Insurance businesses have long attempted to change the ‘grudge purchase’ or ‘necessary evil’ narrative which surrounds their services. On top of that, most consumers would rather not think about the events that make insurance worthwhile. To consider life insurance or cyber insurance or home insurance is to entertain the variety of the all too real threats facing us at any given time.
Terrorism insurance falls firmly within this category and it is of little surprise that, for many businesses and individuals, the sheer scale of the COVID-19 crisis has caused terror threats to drop somewhat off their radar. Yet, as the recent International Forum of Terrorism Risk (Re)Insurance Pools (IFTRIP) Livestream event on ‘Defining Terrorism’ revealed, the terrorism landscape is a volatile one which must be continually assessed and evaluated for new threats.
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At the IFTRIP panel discussion on ‘The Terrorism Landscape: New and emerging threats’, senior leaders from across the terrorism insurance and counter-terrorism sectors gathered to discuss whether the global pandemic is increasing the terrorism threat. Paddy McGuinness, the global head of terrorism, at Willis Towers Watson Financial Solutions, noted that COVID-19, and all the events encapsulated within the pandemic, has had something of a suppressive effect on terrorist groups and their ability to operate, but also on the ability of counter-terrorism forces to reduce their vulnerability.
“We’re just at the tail end of a really big global effort to suppress Daesh in Iraq and Syria and elsewhere,” he said, “and we had a good effect to some extent, but we haven’t put the fire out, we put it underground, and now we’re having a less suppressive effect. So, our vulnerability is somewhat increased, and the terrorists are suppressed by our actions and the pandemic, but [they haven’t] gone away, and we should expect them to come back.”
There’s no question that the pandemic environment everybody is living in right now has limited or constrained formal terrorist group activity in some important ways, said Nick Rasmussen, executive director of the Global Internet Forum to Counter Terrorism (GIFCT). Terrorists can’t move as easily as they might have earlier, and they certainly find it harder to congregate in large groups. However, while there has been this constraint placed on terrorist group activity, the pandemic environment has also provided some significant advantages to extremist and terrorist networks.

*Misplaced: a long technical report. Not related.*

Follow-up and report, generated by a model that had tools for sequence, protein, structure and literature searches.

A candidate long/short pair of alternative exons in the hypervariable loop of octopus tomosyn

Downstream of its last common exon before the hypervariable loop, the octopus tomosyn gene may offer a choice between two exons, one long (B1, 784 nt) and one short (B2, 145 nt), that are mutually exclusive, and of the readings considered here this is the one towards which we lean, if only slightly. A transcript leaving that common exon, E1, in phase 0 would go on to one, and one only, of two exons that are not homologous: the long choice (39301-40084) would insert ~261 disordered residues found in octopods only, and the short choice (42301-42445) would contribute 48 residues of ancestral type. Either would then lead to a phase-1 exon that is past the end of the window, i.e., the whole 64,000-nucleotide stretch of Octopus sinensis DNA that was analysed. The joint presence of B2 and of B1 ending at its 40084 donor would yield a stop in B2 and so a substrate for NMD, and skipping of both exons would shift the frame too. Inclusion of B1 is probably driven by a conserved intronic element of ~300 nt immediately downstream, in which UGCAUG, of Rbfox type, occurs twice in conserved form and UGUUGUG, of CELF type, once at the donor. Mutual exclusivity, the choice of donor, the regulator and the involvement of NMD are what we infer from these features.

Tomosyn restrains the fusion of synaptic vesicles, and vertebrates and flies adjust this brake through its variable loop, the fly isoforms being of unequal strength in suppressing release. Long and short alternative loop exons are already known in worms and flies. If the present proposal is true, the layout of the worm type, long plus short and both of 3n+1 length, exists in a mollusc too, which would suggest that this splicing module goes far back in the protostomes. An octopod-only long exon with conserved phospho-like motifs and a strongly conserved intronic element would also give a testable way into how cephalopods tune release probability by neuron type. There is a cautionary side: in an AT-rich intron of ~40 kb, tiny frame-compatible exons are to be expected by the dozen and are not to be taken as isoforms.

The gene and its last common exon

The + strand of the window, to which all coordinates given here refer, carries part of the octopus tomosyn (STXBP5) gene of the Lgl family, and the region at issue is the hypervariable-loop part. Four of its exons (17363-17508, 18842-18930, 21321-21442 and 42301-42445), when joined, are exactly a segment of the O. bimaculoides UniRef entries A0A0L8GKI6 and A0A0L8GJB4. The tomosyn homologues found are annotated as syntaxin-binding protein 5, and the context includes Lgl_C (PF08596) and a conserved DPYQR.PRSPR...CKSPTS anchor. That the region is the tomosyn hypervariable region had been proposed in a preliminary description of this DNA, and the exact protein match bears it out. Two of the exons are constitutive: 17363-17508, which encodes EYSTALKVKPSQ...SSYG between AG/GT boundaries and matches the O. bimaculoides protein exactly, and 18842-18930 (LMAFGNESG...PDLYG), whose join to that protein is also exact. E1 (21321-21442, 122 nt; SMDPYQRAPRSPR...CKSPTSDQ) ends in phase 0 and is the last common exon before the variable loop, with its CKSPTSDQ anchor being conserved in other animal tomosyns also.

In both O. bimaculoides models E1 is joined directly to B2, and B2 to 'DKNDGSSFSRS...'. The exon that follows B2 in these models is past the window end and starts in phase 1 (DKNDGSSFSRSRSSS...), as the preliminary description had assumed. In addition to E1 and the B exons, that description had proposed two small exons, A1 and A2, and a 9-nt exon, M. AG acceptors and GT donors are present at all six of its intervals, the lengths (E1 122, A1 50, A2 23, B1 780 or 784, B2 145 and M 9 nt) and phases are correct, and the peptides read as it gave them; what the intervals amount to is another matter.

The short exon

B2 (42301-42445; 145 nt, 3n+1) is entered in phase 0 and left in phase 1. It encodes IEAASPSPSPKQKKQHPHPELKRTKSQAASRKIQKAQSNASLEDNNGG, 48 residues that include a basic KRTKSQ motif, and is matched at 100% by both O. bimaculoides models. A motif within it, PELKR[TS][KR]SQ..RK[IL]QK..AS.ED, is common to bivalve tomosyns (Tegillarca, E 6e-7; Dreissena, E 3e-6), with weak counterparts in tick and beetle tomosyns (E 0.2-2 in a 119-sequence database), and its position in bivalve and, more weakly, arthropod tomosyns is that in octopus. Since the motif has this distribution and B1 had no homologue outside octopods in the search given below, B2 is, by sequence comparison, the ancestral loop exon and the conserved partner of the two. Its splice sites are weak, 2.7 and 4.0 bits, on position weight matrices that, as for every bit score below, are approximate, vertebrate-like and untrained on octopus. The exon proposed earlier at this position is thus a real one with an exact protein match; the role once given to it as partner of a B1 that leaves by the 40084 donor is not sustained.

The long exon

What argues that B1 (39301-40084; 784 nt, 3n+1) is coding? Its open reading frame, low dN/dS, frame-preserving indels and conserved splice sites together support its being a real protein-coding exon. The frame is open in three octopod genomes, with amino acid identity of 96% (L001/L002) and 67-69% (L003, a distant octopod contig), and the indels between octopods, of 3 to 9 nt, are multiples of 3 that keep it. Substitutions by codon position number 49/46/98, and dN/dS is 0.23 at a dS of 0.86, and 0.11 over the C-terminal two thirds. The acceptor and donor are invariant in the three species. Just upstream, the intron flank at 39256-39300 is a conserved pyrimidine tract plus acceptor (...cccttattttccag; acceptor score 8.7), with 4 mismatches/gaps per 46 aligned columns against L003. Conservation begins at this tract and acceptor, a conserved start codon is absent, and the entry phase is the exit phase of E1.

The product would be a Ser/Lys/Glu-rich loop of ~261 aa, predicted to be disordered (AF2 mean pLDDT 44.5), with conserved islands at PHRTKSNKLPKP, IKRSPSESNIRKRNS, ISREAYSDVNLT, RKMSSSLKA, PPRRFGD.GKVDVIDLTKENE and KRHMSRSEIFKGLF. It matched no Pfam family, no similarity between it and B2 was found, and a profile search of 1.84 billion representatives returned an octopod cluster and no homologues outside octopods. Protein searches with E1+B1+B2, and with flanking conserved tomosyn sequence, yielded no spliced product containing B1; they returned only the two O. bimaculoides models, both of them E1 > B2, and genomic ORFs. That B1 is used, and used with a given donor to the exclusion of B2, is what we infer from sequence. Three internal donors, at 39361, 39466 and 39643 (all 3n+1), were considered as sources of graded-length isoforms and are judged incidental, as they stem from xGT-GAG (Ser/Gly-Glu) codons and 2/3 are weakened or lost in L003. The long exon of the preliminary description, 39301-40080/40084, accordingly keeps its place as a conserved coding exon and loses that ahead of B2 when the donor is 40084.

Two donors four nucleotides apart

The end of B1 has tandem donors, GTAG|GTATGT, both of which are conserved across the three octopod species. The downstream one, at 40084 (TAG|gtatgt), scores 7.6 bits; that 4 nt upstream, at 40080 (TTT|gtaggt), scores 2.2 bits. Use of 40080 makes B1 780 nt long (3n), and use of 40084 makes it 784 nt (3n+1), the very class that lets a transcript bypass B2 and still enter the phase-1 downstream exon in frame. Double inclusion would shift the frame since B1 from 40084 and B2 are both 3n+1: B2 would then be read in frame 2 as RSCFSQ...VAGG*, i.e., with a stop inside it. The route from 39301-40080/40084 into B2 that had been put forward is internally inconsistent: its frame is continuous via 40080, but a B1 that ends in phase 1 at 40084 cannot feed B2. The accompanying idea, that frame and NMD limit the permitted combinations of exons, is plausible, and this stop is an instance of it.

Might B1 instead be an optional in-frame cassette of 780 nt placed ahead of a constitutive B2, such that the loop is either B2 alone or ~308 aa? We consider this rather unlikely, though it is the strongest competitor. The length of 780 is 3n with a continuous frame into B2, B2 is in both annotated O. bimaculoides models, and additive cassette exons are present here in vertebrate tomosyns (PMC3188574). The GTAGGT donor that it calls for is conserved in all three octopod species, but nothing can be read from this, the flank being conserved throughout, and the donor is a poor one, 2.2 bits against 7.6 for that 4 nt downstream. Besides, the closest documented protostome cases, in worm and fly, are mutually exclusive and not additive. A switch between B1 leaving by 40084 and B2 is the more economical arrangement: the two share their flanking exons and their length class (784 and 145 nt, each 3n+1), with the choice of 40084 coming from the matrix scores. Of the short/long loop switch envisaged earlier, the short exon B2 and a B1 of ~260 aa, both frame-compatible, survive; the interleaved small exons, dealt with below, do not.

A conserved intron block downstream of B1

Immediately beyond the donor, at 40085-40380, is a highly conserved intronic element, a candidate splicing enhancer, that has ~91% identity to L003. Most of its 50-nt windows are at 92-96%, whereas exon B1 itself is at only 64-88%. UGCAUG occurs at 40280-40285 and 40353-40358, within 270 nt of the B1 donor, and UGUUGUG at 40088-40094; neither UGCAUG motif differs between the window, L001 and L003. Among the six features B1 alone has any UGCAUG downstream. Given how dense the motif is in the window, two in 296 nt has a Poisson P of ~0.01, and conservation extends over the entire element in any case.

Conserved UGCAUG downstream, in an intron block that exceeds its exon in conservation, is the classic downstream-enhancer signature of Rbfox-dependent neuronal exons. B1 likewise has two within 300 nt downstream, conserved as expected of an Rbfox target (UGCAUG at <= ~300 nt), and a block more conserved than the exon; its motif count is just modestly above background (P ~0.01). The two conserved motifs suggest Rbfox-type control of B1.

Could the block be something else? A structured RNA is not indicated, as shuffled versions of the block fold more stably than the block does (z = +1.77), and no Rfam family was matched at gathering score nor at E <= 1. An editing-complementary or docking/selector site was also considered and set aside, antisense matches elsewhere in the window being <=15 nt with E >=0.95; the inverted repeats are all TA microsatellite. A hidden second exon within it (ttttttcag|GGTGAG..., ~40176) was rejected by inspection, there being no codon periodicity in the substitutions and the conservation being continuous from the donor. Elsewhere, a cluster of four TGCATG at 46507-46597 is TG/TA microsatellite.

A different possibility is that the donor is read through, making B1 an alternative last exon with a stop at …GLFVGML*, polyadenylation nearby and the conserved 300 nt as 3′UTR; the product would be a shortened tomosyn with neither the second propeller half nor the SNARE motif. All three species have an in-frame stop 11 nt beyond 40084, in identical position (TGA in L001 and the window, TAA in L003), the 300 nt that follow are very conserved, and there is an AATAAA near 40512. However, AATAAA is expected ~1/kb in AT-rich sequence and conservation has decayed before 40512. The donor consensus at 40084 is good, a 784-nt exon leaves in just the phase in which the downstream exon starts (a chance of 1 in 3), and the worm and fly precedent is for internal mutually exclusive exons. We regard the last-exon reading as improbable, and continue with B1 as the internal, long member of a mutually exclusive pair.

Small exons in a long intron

“When individuals are stuck at home, or stuck in locations where they’re spending a significantly greater amount of time online, that of course opens up the online environment for all of the online recruitment and radicalisation activity that we saw take place so effectively during the height of the Daesh recruitment blitz,” he explained.
Andrew Silke, professor of terrorism risk mitigation & resilience at Cranfield University highlighted his agreement that, while COVID has had a suppression effect in certain areas and on certain types of activity, a big spike has been seen in online activity. It is clear that engagement with extremist material online has gone way up, he said, and it is anticipated that this will lead to an increase in radicalisation going forward.
“I think the main concern is the economic impact of the pandemic,” he said. “This is hurting government and industry, and finances going forward are going to be really restricted. In the UK, we’ve just come out of a long period of austerity government and, during that period, counterterrorism (CT) budgets were largely protected, and I don’t think that’s necessarily going to be the case going forward. Now I think the budget squeeze is going to be even harder after the pandemic, and whether we can protect CT going forward in the same way that we have in the past, I think there’s a big question mark over that. And, as a result, we may see our capability in this area being eroded and being undermined, and that could only be good news for terrorists.”
Governments are distracted at the moment, Rasmussen said, and their resources are stretched as they deal with the pandemic. There simply isn’t the focus and the attention that many governments would typically place on extremism and terrorism right now. It’s simply not being directed at that problem set in the way that it was at an earlier stage. He also noted that some terrorist and extremist networks have been advantaged by the pandemic as it contributes in some ways to their conspiracy narratives that place blame or fault at the hands of Western governments, for example, or the oppressive state in some cases.
“In many ways, a terrorist narrative can be adapted to account for the pandemic and to even turn it to some form of advantage,” he said. “But, at the end of the day, the point I would probably most align myself with is a simple one - few if any of the underlying factors contributing to the global spread of extremism and terrorism have been addressed. And so, if those underlying conditions have not been addressed, why would we expect this problem to have shrunk so significantly, simply because we’re focused on something else right now?”